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epreston's Achievements


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  1. That more than answers my question, and in fact is exactly what I was hoping to hear! And thanks for that bit of info about Facebook developing their own PHP - very interesting! I could tell there was some serious custom engineering behind those Facebook features, but I had no idea they want that far.
  2. I've heard very good things about Ramnode as well.
  3. I think I pretty much know what to expect for an answer, but I still have to ask... If, say, facebook or craigslist were only in the idea stage (not back in the day but now) could either of them be built more rapidly, smoothly and reliably upon a framework like processwire than custom-from-the-ground-up? And could the performance (traffic & bazillions of simultaneous users) of the end result be as speedy as a custom built effort? I'm certain it could get built more rapidly, but is there any price to pay on the other end if/when performance becomes an issue? Thanks, Ed
  4. Thanks for both helpful replies! My site is Technologyexchangelab.org, a nonprofit site that collects technology that's particularly useful in mitigating problems of poverty and sustainability around the world. It's a custom-made (not by me) site built on MySQL, PHP5 and jQuery, The heart of it is a growing database of useful technical solutions, categorized in ways that make it easily searchable. We also host a growing number of articles, and lists of other resources. We would like to implement a CMS to better manage these things, although we are not looking at replacing the solutions database at this time. If we could somehow 'embed' processwire into our existing site and use it to manage our articles and lists of resources, that would be a major improvement. I looked into using Drupal, Joomla and Concrete5, but was incredibly put off by the complexity, intricacy, eccentricity and steep learning curves of Drupal and Joomla, and the dreadful slowness of some rather small sites (smaller than our own) using Concrete5. I was particularly put off by how much you have to "just know" about how each one goes about things, ie, that if you add or change something here you must also make a change there, or it simply won't work right. I spent one long night trying to create a simple article entry process in Drupal, basically enter or paste text and upload a picture, and it just plain wouldn't work right no matter what I did, and if it had worked right, what other things would I have to suffer through just to get it to post these articles to our web site as embedded content w/o having to port the whole dang site into Drupal (or Joomla)... yuck. The point on Perch is well taken. If we got it doing exactly what we wanted, who's to say that sometime in the near future a request to extend functionality might leave us trying to get Perch to do something it wasn't designed for. So, if I knew that we'd never need more than Perch, that's what we'd use, but since we don't know that, I think processwire looks like the better and most easily implemented solution for us. Thanks again,. Ed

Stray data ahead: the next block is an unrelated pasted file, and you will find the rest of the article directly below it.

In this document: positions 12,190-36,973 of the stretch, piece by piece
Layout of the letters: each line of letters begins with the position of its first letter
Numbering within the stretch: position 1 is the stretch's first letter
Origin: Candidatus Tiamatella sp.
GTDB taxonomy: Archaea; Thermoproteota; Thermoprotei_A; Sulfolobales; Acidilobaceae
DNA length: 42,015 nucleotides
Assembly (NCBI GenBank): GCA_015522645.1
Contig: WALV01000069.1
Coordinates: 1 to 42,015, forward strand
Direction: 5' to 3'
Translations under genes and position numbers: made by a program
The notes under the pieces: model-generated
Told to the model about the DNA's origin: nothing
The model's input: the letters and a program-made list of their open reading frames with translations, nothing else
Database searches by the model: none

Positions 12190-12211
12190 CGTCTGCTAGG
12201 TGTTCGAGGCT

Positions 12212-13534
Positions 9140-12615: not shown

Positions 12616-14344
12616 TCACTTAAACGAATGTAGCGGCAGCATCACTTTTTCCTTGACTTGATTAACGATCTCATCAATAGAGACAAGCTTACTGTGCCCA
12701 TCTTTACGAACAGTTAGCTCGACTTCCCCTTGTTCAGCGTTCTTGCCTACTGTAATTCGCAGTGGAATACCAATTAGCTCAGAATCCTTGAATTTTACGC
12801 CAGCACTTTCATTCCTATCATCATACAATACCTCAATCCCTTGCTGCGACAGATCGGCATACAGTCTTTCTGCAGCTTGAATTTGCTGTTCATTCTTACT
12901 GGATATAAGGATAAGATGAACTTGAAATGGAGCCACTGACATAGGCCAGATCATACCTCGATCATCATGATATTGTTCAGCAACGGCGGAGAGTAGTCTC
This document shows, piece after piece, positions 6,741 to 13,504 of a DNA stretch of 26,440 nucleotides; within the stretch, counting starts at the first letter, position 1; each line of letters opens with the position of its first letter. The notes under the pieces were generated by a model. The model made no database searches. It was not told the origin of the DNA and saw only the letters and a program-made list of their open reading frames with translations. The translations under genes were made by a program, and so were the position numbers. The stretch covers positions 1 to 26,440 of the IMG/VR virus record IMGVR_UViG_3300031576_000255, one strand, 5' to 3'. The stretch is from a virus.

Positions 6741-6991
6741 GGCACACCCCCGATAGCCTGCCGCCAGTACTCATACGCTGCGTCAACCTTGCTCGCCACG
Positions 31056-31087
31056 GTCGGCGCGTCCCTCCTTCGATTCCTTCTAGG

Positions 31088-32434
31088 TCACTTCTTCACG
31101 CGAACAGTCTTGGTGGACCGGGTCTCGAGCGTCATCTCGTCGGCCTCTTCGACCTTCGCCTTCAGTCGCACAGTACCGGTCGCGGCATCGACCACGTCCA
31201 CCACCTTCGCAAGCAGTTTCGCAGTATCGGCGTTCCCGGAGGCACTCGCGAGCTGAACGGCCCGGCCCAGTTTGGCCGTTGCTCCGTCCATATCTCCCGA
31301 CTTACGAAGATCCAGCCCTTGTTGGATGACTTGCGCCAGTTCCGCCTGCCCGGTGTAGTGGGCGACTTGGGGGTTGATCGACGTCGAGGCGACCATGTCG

5. I need a CMS that can be integrated with an existing web site which happens to be a nonprofit and supported by a small and enthusiastic group of people. We do not either want or need to rebuild the site, what would be *ideal* is if we could install a simple cms that, besides creating whole pages and other content, can also edit existing content by simply logging in, opening the "file" (or whatever you want to call the hunk of content you want to change), making the changes, and, wala, that's it, you're done. So, the simple question is... is this something that can be done using Processwire w/o difficulty? If so, that would be GREAT since, although Perch would be fine for the task described above, that's *all* it does, and I anticipate possibly needing some of the additional power of Processwire, so that if anyone says, that's nice, now can we do this meaning something beyond what Perch can do but Processwire can easily do. Thanks very much, Ed
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